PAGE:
We’re excited to partner with our friends at The Run Experience at this year’s Peak Ultra. They will be on site Friday night to offer a free clinic they’ve designed just for our race, and will offer a free mini-clinic for the 10-mile fun run participants on Saturday morning! Not only that, they are giving anyone who registers for the Peak Ultra a free 30-day subscription to their program.
At The Run Experience, we’re always coming up with new injury prevention exercises for YOU, our runners! In this post, we take a look at some of Coach Kirk’s favorite “go-to”s for the lower leg!
Just like the car that you depend on to operate properly day in and day out, your running body needs REGULAR maintenance.
When either of these breaks down, chances are that some preemptive investigation could’ve helped us avoid the setback altogether.
We believe in getting your injuries BEFORE they get you. Using 5-7 minutes of your day to help prevent months of injury/recovery/time on the couch is ALWAYS worth it.
The best part about all of our injury prevention exercises is that you can do them at home with easy to find objects!
So take a minute and go grab a broomstick.
Don’t worry, we’ll explain further.
We’re going to use it to get deep into our calf (and soleus specifically) because I think we can all agree how tight these guys get during and after a run.
Here’s how the broomstick bash works:
Why do we love this one so much?
As runners, we take the brute of our daily workouts in our legs. And more specifically, in our lower legs.
Our achilles’ tendons always seem to be the most tender, but the reality here is that the problem starts with the top of the chain, the calf.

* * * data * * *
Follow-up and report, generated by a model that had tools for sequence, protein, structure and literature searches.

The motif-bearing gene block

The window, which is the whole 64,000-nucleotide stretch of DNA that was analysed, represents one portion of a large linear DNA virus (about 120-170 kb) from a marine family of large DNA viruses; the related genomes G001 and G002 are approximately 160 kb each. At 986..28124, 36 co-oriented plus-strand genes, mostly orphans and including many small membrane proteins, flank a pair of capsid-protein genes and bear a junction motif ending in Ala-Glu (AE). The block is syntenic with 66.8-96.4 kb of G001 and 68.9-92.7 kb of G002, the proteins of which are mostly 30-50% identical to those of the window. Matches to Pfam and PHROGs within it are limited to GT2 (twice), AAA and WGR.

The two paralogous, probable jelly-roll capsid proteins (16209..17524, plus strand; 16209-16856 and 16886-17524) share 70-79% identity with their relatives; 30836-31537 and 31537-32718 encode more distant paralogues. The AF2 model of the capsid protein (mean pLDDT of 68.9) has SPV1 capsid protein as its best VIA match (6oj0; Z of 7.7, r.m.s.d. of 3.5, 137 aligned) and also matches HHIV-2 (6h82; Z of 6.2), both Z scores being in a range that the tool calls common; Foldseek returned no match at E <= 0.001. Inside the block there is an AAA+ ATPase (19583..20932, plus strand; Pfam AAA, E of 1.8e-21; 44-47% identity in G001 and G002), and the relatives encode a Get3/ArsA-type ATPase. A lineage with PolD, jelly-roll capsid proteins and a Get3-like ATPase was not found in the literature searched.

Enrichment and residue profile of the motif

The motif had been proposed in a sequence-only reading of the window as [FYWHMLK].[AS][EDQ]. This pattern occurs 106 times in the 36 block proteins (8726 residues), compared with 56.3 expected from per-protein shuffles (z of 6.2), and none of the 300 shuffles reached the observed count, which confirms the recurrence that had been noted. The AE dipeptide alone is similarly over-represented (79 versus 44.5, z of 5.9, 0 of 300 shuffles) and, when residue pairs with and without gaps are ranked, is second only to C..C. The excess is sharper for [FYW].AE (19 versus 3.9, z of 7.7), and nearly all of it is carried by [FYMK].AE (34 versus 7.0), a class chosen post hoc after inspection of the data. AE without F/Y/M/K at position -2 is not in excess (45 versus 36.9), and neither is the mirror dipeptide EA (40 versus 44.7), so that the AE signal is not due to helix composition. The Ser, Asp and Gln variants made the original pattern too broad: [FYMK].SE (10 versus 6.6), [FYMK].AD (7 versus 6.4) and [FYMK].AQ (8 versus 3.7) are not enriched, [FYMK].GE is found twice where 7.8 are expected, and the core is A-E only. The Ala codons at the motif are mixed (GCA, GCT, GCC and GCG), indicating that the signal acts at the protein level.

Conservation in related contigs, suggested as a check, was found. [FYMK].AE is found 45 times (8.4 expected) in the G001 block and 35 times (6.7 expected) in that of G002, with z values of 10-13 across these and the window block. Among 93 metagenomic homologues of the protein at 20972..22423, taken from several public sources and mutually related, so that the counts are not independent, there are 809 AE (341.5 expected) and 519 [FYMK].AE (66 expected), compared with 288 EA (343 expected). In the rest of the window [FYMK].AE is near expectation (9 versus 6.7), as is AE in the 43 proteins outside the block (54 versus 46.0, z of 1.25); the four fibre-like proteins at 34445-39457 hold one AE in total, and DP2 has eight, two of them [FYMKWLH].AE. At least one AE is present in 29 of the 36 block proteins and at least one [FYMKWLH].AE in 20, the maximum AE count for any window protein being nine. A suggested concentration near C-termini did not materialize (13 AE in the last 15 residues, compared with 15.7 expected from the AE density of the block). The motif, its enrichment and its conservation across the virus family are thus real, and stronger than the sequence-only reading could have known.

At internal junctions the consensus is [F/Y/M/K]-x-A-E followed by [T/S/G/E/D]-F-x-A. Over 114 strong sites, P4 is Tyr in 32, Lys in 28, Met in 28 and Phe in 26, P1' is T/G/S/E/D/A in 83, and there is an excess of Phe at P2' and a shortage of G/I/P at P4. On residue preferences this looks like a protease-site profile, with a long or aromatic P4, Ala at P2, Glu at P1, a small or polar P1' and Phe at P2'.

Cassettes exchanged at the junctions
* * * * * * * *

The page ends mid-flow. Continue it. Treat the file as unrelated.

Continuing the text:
Regularly taking care of these muscles will help to lengthen and calm the impact on the achilles’ tendons.
All you’ll need for this one is a pair of lacrosse balls, or 2 balls of similar size and density.
We’re going to use them to get after your peroneals and the posterior side of your tibia (shin).
These muscles control your footstrike, pronation, supination, basically how and why your foot hits the ground the way it does.
Like the calves, they get tight QUICK!
Here’s how the inversion/eversion sandwich works:
Have a seat on the ground, with one leg bent “indian style” in front of you.
No matter the distance, efficiency is key. In this video Nate Helming shares 4 do’s and don’ts of natural running form to help you begin to understand how to get your body to work for you on the trail.
We are all naturally inclined to run, it’s human. You did it without a second thought as a child. Remember – running is a natural thing.
When you notice an issue, don’t fix technique in a vacuum, ask why your body has adapted to move in a negative way. The Run Experience recommends a top-down approach. Posture and position are king (check out the quick posture drill in this video.)